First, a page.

States continue to reduce taxes
States have not slowed down in their quest to lower tax rates a year after we saw a dozen states take action.
The latest is Iowa, which will drastically reduce its top income tax rate from 8.53 percent, one of the highest rates in the country, to a 3.9 percent flat rate by 2026.
Going into the 2022 legislative session Governor Kim Reynolds and the Republican-led legislature made tax reform a priority. The tax relief bill passed by both chambers phases in a 3.9 percent flat rate for individual income tax by 2026, a major reduction from today’s top marginal rate of 8.53 percent. Beginning next year, Iowans will no longer pay taxes on retirement income. And the reforms will also pare down Iowa’s corporate tax credits while lowering our top corporate tax rate of 9.8 percent to a flat 5.5 percent.
All taxpayers in Iowa will see tax relief in this package of tax cuts; Senate Majority Leader Jack Whitver estimates this will save Iowans an average of $1,326 on their taxes on an annual basis. This is real money and Iowans are looking forward to an improved tax code. An ITR Foundation poll released this week shows 57 percent of Iowans support a new, low flat tax, while only 24 percent of Iowans oppose the change.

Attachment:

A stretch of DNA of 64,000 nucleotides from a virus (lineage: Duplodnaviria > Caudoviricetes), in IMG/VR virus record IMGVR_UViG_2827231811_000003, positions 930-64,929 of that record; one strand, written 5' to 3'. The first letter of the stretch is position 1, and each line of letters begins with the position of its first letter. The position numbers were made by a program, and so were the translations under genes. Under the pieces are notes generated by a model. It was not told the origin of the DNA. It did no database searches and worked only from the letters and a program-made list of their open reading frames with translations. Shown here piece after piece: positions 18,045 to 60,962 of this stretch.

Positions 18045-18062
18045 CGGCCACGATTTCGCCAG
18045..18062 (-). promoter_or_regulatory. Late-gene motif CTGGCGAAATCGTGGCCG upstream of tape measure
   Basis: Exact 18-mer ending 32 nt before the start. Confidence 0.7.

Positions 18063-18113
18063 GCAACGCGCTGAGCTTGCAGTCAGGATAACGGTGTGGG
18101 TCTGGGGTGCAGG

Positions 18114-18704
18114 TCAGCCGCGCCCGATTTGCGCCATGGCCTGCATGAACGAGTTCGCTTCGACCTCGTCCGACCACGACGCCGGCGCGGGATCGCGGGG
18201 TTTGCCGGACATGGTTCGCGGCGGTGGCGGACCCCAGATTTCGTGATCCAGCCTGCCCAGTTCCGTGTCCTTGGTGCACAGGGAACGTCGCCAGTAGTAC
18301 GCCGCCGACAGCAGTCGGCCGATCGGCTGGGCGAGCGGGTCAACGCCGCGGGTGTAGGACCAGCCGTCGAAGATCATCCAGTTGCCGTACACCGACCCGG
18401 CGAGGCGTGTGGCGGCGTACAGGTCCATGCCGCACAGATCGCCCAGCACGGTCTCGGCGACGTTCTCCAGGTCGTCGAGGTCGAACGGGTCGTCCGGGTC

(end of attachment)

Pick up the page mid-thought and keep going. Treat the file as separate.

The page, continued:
One of the reasons for the push for this reform in Iowa?
One of the major economic lessons from the past few years can be gleaned from the population changes in high and low tax states. States with low, or even no income taxes, are gaining population and creating more economic growth. Conversely, states with high tax rates and a penchant for government spending are losing population and seeing poor economic growth.
For the past two years, Mississippi has been working on an ambitious plan to eliminate the income tax. The House has now twice adopted such a plan, while the Senate is working on their own, smaller plan. Whatever might happen in the Mississippi legislature this year on taxes, we know other states will be moving forward.